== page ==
Committee chair Senator David Fawcett said, "Knowing what it is the nation needs our industry to be able to provide at short notice and ensuring the capability for flexible and innovative adaptation in the manufacturing sector is one of the precursors to successful crisis response".

"This inquiry will explore not only how to ensure Australia’s manufacturing sector is resilient to a crisis, but also the opportunities the pandemic provides for improving collaboration and productivity into the future," Senator Fawcett said.

Jens Goennemann, the managing director of AMGC, will discuss the organisation's submission and describe AMGC’s COVID response. This includes the creation of the Manufacturer Response Register that has been able to connect manufacturing capability with areas of need.

Full terms of reference for the inquiry are on the committee website.

Public hearing details:

Date: Thursday, 9 July 2020
Time: 3pm – 4.30pm AEST
Location: By teleconference

The hearings will be audio streamed live at


THE Australian Small Business and Family Enterprise Ombudsman Kate Carnell is backing the nation’s peak accounting bodies which have today called on the Federal Government to provide small businesses with better access to financial advice through a voucher system.

CPA Australia and Chartered Accountants Australia and NZ have issued a joint statement requesting a government-funded voucher system to ensure small businesses can access urgently needed professional advice on their viability once stimulus measures end in September.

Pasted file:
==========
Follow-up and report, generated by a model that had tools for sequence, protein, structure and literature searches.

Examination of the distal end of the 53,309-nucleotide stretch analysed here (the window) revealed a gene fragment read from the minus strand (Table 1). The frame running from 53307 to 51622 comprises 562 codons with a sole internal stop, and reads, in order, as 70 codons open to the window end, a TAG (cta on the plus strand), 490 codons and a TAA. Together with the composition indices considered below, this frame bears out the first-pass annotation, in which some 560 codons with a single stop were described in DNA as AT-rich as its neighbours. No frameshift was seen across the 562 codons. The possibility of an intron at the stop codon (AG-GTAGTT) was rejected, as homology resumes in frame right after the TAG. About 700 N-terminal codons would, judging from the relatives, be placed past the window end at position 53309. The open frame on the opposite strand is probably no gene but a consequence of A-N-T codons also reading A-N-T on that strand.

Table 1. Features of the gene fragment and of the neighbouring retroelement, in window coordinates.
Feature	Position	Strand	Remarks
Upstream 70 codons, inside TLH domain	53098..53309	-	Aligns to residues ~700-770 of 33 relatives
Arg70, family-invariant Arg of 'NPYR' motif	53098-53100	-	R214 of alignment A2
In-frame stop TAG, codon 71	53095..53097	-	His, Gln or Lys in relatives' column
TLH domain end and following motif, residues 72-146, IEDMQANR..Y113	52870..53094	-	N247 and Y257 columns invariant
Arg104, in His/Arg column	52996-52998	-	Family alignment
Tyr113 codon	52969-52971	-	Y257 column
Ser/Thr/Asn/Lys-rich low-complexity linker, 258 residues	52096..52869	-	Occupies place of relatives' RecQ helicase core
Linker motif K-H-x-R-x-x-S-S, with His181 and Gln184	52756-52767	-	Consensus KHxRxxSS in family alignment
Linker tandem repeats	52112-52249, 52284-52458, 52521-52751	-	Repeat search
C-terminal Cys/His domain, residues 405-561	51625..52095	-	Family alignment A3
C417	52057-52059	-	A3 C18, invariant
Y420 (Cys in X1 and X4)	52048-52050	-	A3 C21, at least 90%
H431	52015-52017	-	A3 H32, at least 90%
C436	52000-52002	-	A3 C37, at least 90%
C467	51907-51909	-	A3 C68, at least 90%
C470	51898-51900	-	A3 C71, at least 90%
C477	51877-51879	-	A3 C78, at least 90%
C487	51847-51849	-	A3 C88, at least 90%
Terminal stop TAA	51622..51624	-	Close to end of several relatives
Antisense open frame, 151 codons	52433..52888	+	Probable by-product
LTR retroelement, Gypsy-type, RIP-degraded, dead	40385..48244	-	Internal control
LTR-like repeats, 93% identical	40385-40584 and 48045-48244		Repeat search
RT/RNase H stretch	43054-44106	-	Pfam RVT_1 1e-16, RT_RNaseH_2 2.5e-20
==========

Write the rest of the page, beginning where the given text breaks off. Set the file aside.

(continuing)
The proposal is in line with ASBFEO’s COVID-19 Recovery Plan, which recommends a small business viability voucher program.

“Small businesses have endured some of the toughest trading conditions we’ve ever seen in Australia over the past few months,” Ms Carnell said.

“ABS data tells us 900,000 businesses are getting JobKeeper payments and about 690,000 businesses have received emergency cash flow assistance, while 38 percent of businesses still trading have renegotiated their rent arrangements.

“Two thirds of businesses were still reporting reduced revenue in June. Of those about a third were reporting revenue losses of 50 percent or more.

“Small businesses with cash flow issues, compounded by falling revenue, may find getting the professional financial advice they need unaffordable. The ramifications of this could be devastating, both for the business and its owner and family, down the line," Ms Carnell said.

“That’s why our COVID-19 Recovery Plan recommends the establishment of a small business viability voucher program, where small business owners facing financial stress can obtain a voucher valued up to $5,000  to access tailored advice on how and whether to turn around their business.

“Under the program, a business owner (or their accountant) would apply for the voucher with services provided by a relevant accredited professional.

“This would ensure small businesses have access to expertise in judging business viability, so they can make an informed decision about whether to turn their business around or exit.

“The advisor would be paid directly by the government to the accredited professional up to the value of the voucher," she said.

“Ultimately, we want to see as many small businesses come out the other side of this difficult period as possible – getting a tailored business plan is critical to their survival.”